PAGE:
A decent review of Major League Baseball’s streaming video package, commonly referred to as “MLB.TV,” required a few months’ usage. It probably also requires someone that’s good at doing reviews, but until they show up this will have to suffice.
Let’s take a brief look at the package and see if it’s worth taking advantage of MLB’s recently announced price drop for the remainder of the 2011 season.
A disclaimer—my local cable provider (Insight Communications) does not offer the MLB Extra Innings package. This is a travesty that has plagued some of the best baseball writers in this country. Apparently MLB’s fee to Insight is too exorbitant for the cable company to fit in their budget despite charging nearly eleventeen hundred dollars a month for their HD package. It seems MLB Network and Extra Innings go hand in hand, so Insight customers miss out on both.
If your cable provider is somehow able to squeeze MLB’s charge into their budget, the benefits of the live streaming video may be negated somewhat. Also, if you have satellite service, this may all seem funny to you.
The portability of laptops means the internet version of Extra Innings may still be of use to those with MLB-friendly television services.
The price back in March for their Premium package was around $120.00. As an existing customer, my account was automatically renewed with my approval at that time. I’ve been a long time MLB.radio subscriber, but 2010 was my first year with the streaming video package. In short, I liked it.
I was already accustomed to picking whichever audio feed I wanted on the radio application, and that option is a very basic feature of the MLB.TV package. So for those of you that have to work at a desk and have the luxury of a company that doesn’t mind you listening to day games while you do it, MLB.TV still fills that need that used to cost 15-20 bucks by itself for radio.
The quality of the video is really only limited by your monitor and internet connection. With a standard cable modem, the picture is television quality, and available in high definition. On the other hand, some wireless connections may not be robust enough to provide HD.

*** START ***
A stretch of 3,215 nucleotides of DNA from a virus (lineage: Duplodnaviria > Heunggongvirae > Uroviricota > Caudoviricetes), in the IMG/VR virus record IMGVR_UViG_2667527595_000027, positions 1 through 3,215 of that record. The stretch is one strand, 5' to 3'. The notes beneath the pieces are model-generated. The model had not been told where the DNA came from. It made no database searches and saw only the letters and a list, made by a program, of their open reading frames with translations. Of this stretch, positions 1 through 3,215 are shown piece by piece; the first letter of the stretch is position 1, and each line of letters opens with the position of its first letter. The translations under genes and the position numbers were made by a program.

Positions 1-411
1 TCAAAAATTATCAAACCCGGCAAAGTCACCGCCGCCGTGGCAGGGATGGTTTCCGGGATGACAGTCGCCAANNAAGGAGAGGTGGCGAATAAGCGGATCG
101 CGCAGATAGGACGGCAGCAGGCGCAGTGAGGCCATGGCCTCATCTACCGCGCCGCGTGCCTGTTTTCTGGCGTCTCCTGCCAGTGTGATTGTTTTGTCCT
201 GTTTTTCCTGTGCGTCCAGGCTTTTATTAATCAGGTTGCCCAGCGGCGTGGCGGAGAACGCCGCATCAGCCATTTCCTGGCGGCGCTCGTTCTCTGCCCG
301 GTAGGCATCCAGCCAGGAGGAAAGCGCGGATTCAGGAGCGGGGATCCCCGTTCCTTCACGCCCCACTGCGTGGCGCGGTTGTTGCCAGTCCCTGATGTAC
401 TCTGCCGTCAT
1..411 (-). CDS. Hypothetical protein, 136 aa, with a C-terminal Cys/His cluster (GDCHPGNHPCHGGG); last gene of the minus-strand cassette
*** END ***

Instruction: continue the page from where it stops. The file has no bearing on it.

Increasingly frustrated with the picture quality in my own home, I took a chance and downloaded Google Chrome on my Dell mini laptop to see if that would help. While the speed seemed to be only marginally improved, the Chrome browser actually displayed the streaming video in a much more manageable window. That allowed easier access to the menu at the bottom of the screen, which in turn lent the ability to more easily adjust the picture quality. A note: That problem likely won’t be found on larger monitors.
For the slower download speeds, simply moving the picture quality off HD will give a smoother video feed, and the quality of the picture doesn’t suffer too much on most broadcasts.
There are several features worth mentioning in regards to the game feeds. In addition to choosing your announcing crew, the user can select up to four games for picture-in-picture viewing with audio broadcasting on the game of your choice. You can also bring up a live in-game box score.
Last year, switching to and from games would often cause an error to come up. Once that happened, users would sometimes have to log out and back in to access the game they switched away from. In my experience, that annoyance is thankfully gone for 2011.
MLB offers a NEXDEF download that allows pausing and rewinding of live video. Without that particular download, subscribers can still watch archived games that have finished and jump to innings, rewind plays, etc. This function is useful when you want to watch a particularly masterful pitching performance, a historic inning, or some other situation where highlights just aren’t enough.
I’ve also been a CBS Sportsline subscriber for a dozen or so years. Once the season started, I noticed that the two entities had partnered up for some cross-promotion. Live scoring in Sportsline has a quick link to MLB audio next to the players. One click gives the Sportsline subscriber access to MLB Radio.
On the other end, MLB.TV subscribers can upload their Sportsline fantasy players. This provides the user with pop-up notifications when their players are at bat and one click gives live look-ins.
The main drawback to the MLB.TV package involves something that also draws the ire of Extra Inning subscribers. Games are still subject to blackout. When Fox has the rights to national Saturday games, customers may miss every other game at that time.
Your market will also determine the number of blackouts you’ll endure. For instance, someone living in New York may miss out (on their computer) on all the Mets and Yankees games, in addition to those that run at the same time as Fox’s national Saturday broadcast.
So, should you get MLB.TV for the rest of the season?
If you can’t get Extra Innings through cable or satellite, and you love baseball, then yes.
Even those with the Extra Innings option may want the MLB.TV package. A laptop not only gives users a portable platform for watching the game, but also provides the marriage-saving ability to watch baseball on your computer while your significant other gets to surf channels on the television that he or she may actually enjoy.